I am finding meaning in my relationship with God and all these other relationships in my life, and in my service in the church and my work. These all make my life worth living. My life is no longer a big mess or a confusing one. It is fill with meaning and purposes, and I look forward to each day the Lord has given me so that I may spend it for Him and others. I look forward too to the day when my tasks here are completed, and I can enter into my eternal rest and enjoy God in worship and fellowship forever more, never to be hindered by sins or sicknesses anymore. Until then, I continue to run the race that is set before me, looking unto Jesus the Author and Finisher of my faith. Praise God.

What about you? Do you also struggle with a confusing life due to bipolar or depression? Have you found something helpful to cope?

"Whereas ye know not what shall be on the morrow. For what is your life? It is even a vapour, that appeareth for a little time, and then vanisheth away." James 4:14

"....I am come that they might have life, and that they might have it more abundantly." John 10:10

"Jesus said unto her, I am the resurrection, and the life: he that believeth in me, though he were dead, yet shall he live: And whosoever liveth and believeth in me shall never die. Believest thou this?" John 11:25-26

7 Kind thoughts:

Spin Original said...

I find it quite interesting to read the details of how bipolar affects you. I get similar feelings as you do when I am depressed, but my depression has never lasted more than a few days. The same is true of my manic states. I get 'giddy' or overly excited for a time, but never a prolonged time, and never has my manic times been a problem. I am SO NEW to this bipolar world and I have so much to learn about it!!!
I just thank God that I got diagnosed early and I didn't have to suffer for years. I also thank Him for being with me during the highs, lows and everywhere in between. There's a song that says "He's the God of the mountain, He's still God in the valley." I can go from mountain top to valley in one week - thank God He's with me the whole way!

Bless you, Nancie, for being open and honest. You are a blessing to me!

Nancie said...

Paula, I am so glad that your depression and manic does not last longer than a few days. There is a wide spectrum to the experiences of people with bipolar or depression. Early diagnosis is crucial to understanding and managing these conditions.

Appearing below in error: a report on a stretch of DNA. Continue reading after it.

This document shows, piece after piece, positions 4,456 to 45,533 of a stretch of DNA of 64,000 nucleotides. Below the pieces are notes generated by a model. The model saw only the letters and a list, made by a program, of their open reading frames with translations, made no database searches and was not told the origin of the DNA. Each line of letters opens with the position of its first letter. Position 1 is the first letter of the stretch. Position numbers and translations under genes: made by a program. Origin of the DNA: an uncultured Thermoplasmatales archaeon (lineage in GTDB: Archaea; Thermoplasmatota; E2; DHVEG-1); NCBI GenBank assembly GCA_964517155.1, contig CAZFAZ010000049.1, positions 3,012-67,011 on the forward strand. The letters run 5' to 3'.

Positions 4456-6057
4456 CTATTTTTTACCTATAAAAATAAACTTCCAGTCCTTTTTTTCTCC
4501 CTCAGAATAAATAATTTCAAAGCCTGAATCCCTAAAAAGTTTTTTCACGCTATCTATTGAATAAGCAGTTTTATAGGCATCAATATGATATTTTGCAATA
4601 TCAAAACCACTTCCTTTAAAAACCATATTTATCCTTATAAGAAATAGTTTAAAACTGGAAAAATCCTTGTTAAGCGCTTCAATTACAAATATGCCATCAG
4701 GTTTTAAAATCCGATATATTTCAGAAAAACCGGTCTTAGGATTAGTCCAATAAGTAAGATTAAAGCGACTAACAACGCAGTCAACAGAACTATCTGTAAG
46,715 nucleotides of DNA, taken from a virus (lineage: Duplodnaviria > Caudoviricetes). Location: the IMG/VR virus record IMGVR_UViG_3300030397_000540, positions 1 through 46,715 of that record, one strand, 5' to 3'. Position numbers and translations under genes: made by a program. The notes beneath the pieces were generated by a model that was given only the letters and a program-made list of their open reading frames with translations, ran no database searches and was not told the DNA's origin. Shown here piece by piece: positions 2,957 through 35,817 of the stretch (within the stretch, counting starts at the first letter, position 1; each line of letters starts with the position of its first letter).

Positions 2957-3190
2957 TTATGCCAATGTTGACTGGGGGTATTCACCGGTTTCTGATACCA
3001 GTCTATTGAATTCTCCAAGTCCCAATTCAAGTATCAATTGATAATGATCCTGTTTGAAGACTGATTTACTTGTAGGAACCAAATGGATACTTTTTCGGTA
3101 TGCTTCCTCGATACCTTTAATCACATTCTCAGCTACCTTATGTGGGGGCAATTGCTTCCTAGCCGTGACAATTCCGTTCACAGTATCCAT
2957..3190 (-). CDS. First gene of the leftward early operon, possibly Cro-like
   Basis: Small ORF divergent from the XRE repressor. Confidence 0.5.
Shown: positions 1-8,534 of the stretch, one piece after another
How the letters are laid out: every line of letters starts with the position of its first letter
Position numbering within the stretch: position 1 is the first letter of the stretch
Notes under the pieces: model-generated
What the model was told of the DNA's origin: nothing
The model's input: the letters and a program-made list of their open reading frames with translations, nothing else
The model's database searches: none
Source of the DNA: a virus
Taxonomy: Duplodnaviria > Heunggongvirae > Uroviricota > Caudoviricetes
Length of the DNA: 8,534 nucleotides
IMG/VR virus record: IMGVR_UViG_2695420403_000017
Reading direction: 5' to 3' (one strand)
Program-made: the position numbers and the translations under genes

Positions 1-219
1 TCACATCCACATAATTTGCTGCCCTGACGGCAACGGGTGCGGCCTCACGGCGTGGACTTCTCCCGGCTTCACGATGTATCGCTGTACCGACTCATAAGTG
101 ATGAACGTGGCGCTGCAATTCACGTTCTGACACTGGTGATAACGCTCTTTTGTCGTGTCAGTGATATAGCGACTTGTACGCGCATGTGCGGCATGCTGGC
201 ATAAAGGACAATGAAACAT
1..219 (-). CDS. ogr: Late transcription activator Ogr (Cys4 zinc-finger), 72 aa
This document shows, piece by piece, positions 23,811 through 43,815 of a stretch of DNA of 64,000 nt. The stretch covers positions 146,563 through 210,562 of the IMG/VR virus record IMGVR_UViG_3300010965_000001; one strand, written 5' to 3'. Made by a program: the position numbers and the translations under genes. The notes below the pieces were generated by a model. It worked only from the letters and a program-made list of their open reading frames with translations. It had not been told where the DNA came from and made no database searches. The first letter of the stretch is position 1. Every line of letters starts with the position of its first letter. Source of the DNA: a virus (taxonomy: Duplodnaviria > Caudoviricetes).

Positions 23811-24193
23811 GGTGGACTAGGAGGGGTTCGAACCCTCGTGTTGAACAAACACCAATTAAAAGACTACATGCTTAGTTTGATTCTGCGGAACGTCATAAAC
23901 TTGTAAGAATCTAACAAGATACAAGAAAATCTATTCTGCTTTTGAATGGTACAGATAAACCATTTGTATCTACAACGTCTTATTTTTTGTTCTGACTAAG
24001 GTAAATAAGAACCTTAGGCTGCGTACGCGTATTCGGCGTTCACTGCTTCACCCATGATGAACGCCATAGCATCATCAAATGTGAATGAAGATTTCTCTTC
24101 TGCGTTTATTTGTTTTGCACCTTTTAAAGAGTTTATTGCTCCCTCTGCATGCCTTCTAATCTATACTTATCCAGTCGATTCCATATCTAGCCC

I am thankful that you are diagnosed early and need not suffer like some of us. My condition worsened over the years and my sufferings became more and more unbearable, and that was what finally prompted me to seek medical and professional help.

Thank God that He is with us through all the changing scenes of life, and underneath are His everlasting arms. And His presence, love and mercies are most experienced and known in our sufferings and in the valley of the shadows of death. He has suffered so much for us and even laid down His life to save us from our sins. Surely He will keep us and see us through.

You have been a great blessing and encouragement too, Paula, as you share about your own experiences and God's goodness to you. Thank and praise God that we can support and encourage one another through our blogs :-)

Mariposa said...

Hi Nancie, I've been busy lately...

Understanding what we have not only help us but also the people who cares for us.

Reading post like this is inspiring...it's a living proof that nothing is impossible...we can conquer BP! ;)

Nancie said...

Hi Mari, I've been missing you ;)

Yes, thank God that my diagnosis did also help my family and friends to understand my behaviours in the past. It can be confusing for them too. It also helps them to be more understanding and prayerful for me now.

Hope you are feeling better. Take care.

jennifer said...

I know when I was diagnosed with Borderline Personality Disorder it was a relief because the diagnosis basically gave my pain a face. It made it something I could fight. It also explained a very confusing past and explained why I am how I am. I wish you all the luck in the world with your disorder.

Nancie said...

Thanks, BPD. My diagnosis was also a great relief and helps me to seek help and fight it. Wish you all the best too and thanks for dropping by :)

Diane J Standiford said...

Embracing our illnesses is so crucial. You seem to embrace yourself through the love of Jesus Christ in your life---that makes embracing your illness easy. Good for you!